Ed and I disagree on a number of things, but we are always in agreement about our pets! We had decided to take them with us for an overnight in the trawler at Peck’s Lake.
I laughed and smiled. It was a beautiful and very cold day. I was so glad Ed had some time off. We were both having such a good time until I looked at the alert that came up on my phone…
“Ed you’re never going to believe this. There is an insurrection in Washington D.C.. A sea of Trump supporters are attempting to break into the Capitol.“
It was January 6, 2021 and I knew for Ed this brought back terrible memories. In the 1960s Ed’s family had emigrated from Argentina to the United States to escape a series of military coups.
Ed and I spoke for hours about the situation in the United States. Not much could be more depressing. Having Luna and Okee with us took off the edge. Before we all went to bed, Ed and I promised to get up tomorrow and enjoy Peck’s Lake. Peck’s Lake, as most all of us know, lies within the Jupiter Narrows and once was an inlet to the sea. Yes, historic maps show that many times the Atlantic has breeched this shoreline, most recently twice in the 1960s. The ACOE filled in this gap and today Nathaniel Reed Hobe Sound National Wildlife Refuge sits on these sands. You can reach this place by boat or a long walk north from Hobe Sound Beach in Martin County. If you like to canoe, you can put in at Cove Road. Peck’s Lake is one of 560 U. S. National Wildlife Refuges and lies in Martin County. Birds, mammals, reptiles, amphibians, and fish call this refuge home.
A long walk along the beaches on the Atlantic side of the refuge is incredible, probably one of the only desolate beaches to be found on all of Florida’s east coast. Certainly, the area doesn’t look too different from 1696 when Jonathan Dickinson was escorted by the Ais Indians north. Tooling around on the Jupiter Narrows side, Ed and I encountered wonderful things and weird things. We witnessed many osprey nests; we saw an otter surface and dive alongside an oyster covered mangrove forest, we also saw seagulls eating from a strange looking, large-eyed fish carcass. When I called Indian Riverkeepeeper, Mike Connor to find out what this cut-up was he said it was a swordfish! Ed and I threw the fish back into the water and seagulls dove for it from every direction.-Below: Osprey nest. Above: Ed drives dingy with trawler, Adrift in background at Peck’s Lake-Look! An otter! -Swordfish head floating. Very strange! -Seagulls dive When Ed and I got home that evening, we also experienced no seeums or sand fleas and it was torture!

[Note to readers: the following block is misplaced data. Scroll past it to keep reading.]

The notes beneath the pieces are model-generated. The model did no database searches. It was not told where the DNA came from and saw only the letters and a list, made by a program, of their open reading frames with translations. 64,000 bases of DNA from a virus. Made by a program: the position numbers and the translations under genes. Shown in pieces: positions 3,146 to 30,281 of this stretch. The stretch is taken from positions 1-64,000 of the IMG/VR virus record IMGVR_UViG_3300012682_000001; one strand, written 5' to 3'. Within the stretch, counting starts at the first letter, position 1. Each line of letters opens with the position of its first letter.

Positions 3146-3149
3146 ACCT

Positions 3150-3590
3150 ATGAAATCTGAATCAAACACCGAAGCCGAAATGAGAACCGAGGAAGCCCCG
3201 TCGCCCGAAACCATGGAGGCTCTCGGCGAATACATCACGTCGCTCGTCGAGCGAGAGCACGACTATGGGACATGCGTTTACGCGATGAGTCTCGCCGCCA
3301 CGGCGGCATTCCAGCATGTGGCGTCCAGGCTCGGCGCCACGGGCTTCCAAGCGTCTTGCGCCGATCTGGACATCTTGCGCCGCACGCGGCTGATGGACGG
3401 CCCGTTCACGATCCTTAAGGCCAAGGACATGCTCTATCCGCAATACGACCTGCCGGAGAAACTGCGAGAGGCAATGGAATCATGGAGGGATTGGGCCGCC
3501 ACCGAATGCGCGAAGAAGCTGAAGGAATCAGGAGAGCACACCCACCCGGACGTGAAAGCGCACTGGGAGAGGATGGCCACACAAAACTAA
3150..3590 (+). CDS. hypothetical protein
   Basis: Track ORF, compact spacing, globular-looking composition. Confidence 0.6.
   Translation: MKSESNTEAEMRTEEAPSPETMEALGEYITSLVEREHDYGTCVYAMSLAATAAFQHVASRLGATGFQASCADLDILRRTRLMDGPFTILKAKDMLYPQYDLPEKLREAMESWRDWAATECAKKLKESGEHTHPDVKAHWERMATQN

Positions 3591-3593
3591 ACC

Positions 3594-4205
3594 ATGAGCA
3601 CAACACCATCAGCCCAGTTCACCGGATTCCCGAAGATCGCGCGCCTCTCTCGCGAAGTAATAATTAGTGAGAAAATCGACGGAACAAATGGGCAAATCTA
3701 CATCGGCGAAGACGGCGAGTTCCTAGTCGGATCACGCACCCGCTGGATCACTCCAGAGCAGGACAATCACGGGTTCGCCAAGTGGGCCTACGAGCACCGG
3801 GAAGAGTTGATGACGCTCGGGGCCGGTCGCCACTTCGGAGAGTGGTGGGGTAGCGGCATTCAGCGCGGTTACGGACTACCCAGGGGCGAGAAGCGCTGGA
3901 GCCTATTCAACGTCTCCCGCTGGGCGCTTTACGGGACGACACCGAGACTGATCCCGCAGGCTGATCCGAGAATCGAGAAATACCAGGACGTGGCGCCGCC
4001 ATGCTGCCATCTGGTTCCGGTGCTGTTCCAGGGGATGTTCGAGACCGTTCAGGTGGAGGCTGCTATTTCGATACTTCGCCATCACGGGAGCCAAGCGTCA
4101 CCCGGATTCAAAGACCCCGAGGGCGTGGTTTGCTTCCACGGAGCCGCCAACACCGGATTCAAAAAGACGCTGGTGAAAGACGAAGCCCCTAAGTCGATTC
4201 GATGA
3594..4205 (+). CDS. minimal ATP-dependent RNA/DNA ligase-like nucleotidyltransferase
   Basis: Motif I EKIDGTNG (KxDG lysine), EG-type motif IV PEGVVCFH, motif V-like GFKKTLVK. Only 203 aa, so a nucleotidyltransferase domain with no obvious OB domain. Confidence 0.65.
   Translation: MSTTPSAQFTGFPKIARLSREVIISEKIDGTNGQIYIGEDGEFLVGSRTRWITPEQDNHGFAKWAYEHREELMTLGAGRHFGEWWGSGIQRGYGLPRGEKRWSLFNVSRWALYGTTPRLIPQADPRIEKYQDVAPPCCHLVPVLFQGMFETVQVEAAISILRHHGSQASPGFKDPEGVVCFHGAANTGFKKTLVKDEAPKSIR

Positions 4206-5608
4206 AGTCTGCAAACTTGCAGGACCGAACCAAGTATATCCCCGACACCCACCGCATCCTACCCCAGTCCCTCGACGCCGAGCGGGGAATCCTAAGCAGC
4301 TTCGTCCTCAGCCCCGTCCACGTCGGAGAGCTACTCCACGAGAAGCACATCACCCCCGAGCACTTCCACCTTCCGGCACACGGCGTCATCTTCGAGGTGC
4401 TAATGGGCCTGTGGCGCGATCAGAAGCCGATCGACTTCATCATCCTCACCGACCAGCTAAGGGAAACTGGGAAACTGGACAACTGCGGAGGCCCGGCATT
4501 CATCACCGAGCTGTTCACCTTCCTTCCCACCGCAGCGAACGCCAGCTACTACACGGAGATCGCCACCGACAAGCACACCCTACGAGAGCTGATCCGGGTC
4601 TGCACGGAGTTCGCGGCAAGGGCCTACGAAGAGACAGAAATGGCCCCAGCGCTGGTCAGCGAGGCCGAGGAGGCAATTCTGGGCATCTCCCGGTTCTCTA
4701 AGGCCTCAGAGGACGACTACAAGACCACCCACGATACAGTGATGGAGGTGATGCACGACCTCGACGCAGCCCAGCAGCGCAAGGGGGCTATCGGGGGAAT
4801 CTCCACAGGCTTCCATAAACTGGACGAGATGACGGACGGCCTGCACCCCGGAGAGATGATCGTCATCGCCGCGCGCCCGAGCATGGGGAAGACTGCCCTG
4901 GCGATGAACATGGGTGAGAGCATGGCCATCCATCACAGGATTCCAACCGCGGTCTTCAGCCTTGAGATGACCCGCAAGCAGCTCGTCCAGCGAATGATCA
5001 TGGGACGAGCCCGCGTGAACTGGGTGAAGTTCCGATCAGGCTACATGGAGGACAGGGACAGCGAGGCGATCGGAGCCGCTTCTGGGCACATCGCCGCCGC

“Are you getting bitten?” Ed asked coming into the cabin.
“Not really. Let me go outside and check.”
By the time I had been outside for thirty seconds, my hair was full of sand fleas and I was slapping and scratching myself everywhere at once.
“Unbelievable! It’s been a long time since I felt them! When I was a kid growing up in Sewall’s Point and Stuart they were here!”
Ed and I ran inside and barred the door as the tiny creatures made their way through anyway covering the lights of the cabin. Ed and I ate by flashlight that evening and Okee and Luna thought they were in heaven. Ed and I didn’t even think about the state of the world, we were too busy scratching…
Videos: 1. Cove, Peck’s Lake; 2. Mangrove Tour, Jupiter Narrows, Peck’s Lake
*Pets stayed on boat. They are not allowed in the wildlife refuge 🙂
*Thank you to my mother who shared to old add about sand fleas from First National Bank, forerunner of Seacoast.
6 thoughts on “Biting News at Peck’s Lake”
Love those pussycats! Gorgeous photographs and again, almost like taking the trip with you! We call those Sand Flies “Flying Teeth!”
Hi Janet! Hysterical! “Flying Teeth” the best description yet! 🙂
Nature is such a wonderful balm… even with sand fleas.
Well said! Such a great word “balm.” Thank you Tom and Martha.
I am so glad the insurrection didn’t totally spoil your lovely time in that fabulous place. For the rest of at home it was a knotted stomach, watching in horror but glued to the tv. Still conjures such a sad time for the United States, so divided!
Sherry it is indeed a time of sadness; I of course put myself right back into the news as soon as we returned from Peck’s Lake. I cannot stop thinking about this whole ordeal. I feel like I am grieving and hope to become more inspired for all the work we have ahead. .”.Divided we fall…” Miss you. J